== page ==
Can you guess this month's natural wonder?
Cooler weather and the kaleidoscope of color make fall a great time of year to explore the woods. But don’t power hike or walk! Slow down. Open your senses to the wonders of the woods. See. Hear. Smell. Taste. Touch. Not only will this mindfulness help you discover nature in new ways — it’s good for you!
Research shows being in the woods can help reduce stress and improve immunity and mood. As people relax, blood pressure drops and mood improves.
One research study compared the health effects of walking city streets to walking in the woods. While both activities required the same amount of physical activity, walking in the woods resulted in greater reductions in blood pressure and stress hormones. Researchers are also studying stress-reducing compounds from trees, known as “phytoncides.” Trees release these compounds, like the scent of cedar, into the air. Inhaling them has been shown to reduce concentrations of stress hormones and increase the activity of white blood cells, which are important for fighting illness.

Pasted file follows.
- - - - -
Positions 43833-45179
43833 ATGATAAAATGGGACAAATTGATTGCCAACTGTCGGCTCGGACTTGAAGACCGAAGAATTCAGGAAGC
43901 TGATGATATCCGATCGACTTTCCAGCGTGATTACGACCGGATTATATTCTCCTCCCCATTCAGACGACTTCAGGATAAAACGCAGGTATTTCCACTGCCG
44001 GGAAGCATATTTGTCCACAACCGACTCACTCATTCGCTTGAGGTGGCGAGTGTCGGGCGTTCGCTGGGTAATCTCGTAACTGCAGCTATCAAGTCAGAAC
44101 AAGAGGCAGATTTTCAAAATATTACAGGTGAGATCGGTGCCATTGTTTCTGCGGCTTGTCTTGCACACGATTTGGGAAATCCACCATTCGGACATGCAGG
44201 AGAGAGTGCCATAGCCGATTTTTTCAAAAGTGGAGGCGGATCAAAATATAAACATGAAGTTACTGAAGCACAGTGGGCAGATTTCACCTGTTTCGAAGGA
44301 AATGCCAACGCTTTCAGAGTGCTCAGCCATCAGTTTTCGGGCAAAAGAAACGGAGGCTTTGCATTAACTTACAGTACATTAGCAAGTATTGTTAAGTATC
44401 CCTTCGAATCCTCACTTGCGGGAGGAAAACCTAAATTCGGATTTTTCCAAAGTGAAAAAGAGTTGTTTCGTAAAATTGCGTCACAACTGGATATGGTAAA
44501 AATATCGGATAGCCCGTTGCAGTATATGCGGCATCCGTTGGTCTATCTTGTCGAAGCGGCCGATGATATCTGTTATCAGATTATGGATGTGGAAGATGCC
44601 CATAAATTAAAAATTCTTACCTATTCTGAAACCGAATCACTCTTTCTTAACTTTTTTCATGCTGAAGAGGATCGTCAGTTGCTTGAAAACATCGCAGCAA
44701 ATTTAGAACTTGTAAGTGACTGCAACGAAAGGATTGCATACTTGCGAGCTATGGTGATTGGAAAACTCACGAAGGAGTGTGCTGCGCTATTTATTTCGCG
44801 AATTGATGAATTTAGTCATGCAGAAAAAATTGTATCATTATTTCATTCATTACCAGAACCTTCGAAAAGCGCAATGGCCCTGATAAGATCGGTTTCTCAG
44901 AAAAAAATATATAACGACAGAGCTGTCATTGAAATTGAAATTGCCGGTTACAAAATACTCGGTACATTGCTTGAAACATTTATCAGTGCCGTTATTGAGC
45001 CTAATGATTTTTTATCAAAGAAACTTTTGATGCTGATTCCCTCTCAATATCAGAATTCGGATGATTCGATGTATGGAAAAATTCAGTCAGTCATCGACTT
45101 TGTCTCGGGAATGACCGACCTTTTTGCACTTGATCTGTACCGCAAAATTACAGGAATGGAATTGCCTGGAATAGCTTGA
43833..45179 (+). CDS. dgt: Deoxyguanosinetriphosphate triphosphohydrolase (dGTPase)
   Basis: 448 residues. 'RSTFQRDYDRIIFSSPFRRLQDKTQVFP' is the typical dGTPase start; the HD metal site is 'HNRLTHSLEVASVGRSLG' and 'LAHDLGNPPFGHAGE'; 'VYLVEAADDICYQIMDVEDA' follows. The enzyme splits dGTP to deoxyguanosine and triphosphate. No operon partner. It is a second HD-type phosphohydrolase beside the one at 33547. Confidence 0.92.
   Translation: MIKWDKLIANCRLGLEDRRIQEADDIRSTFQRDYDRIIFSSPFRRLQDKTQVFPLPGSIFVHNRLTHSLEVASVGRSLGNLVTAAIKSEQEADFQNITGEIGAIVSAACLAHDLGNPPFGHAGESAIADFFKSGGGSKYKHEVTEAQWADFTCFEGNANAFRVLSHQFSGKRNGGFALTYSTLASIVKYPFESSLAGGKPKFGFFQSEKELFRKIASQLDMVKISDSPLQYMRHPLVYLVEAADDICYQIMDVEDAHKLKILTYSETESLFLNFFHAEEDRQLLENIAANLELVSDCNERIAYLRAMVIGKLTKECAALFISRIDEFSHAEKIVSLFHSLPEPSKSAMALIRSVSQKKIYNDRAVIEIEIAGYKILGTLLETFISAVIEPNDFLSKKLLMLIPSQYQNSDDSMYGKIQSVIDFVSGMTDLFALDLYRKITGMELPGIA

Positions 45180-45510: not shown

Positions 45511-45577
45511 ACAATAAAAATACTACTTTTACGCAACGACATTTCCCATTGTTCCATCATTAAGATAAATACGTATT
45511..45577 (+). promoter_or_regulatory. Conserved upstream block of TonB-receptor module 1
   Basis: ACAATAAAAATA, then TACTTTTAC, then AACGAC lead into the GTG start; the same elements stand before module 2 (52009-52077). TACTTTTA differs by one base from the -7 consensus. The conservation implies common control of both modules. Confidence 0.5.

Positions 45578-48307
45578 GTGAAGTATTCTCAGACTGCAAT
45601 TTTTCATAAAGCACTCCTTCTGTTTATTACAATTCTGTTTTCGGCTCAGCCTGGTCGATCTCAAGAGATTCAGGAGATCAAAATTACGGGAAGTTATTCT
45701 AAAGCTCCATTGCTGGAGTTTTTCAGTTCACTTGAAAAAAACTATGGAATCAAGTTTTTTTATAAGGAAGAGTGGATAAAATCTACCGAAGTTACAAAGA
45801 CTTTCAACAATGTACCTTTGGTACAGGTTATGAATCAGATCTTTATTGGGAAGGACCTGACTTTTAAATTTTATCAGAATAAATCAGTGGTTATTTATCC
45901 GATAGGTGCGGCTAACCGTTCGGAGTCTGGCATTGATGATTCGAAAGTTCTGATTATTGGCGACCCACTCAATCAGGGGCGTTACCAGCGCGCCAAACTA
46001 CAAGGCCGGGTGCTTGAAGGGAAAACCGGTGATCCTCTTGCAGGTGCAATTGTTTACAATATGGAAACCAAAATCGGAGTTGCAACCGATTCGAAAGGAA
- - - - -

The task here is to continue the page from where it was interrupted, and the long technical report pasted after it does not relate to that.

Find great places to walk in the woods at short.mdc.mo.gov/Z4V.
Send it to AskMDC@mdc.mo.gov or call 573-522-4115, ext. 3848.
Q. I took this photo on the Meramec River. What species of snakes and fish are these?
A. These two northern watersnakes appear to be fighting over the same bullhead catfish.
One of the most common snakes in Missouri, northern watersnakes (Nerodia sipedon sipedon) are active from early April until October and like to bask on branches, logs, and rocks near the water’s edge. The fish could be either a yellow bullhead (Ameiurus natalis) or black bullhead (Ameiurus melas).
Small fish — mostly nongame species — make up 75 percent of the diet of these nonvenomous snakes.
It’s not uncommon for smaller watersnakes like these to work together. It’s also possible these snakes coordinated their attack to herd the fish into shallower water, making it easier to catch and subdue. The snake will eat the catfish, spine and all. But the catfish may get in one final punch against its foe. If still alive when swallowed — and they often are — it is not uncommon for the catfish to wriggle and puncture the inner wall of the snake’s belly. Even if it protrudes completely through the skin, the snake will likely survive the painful encounter and the fish will be completely digested.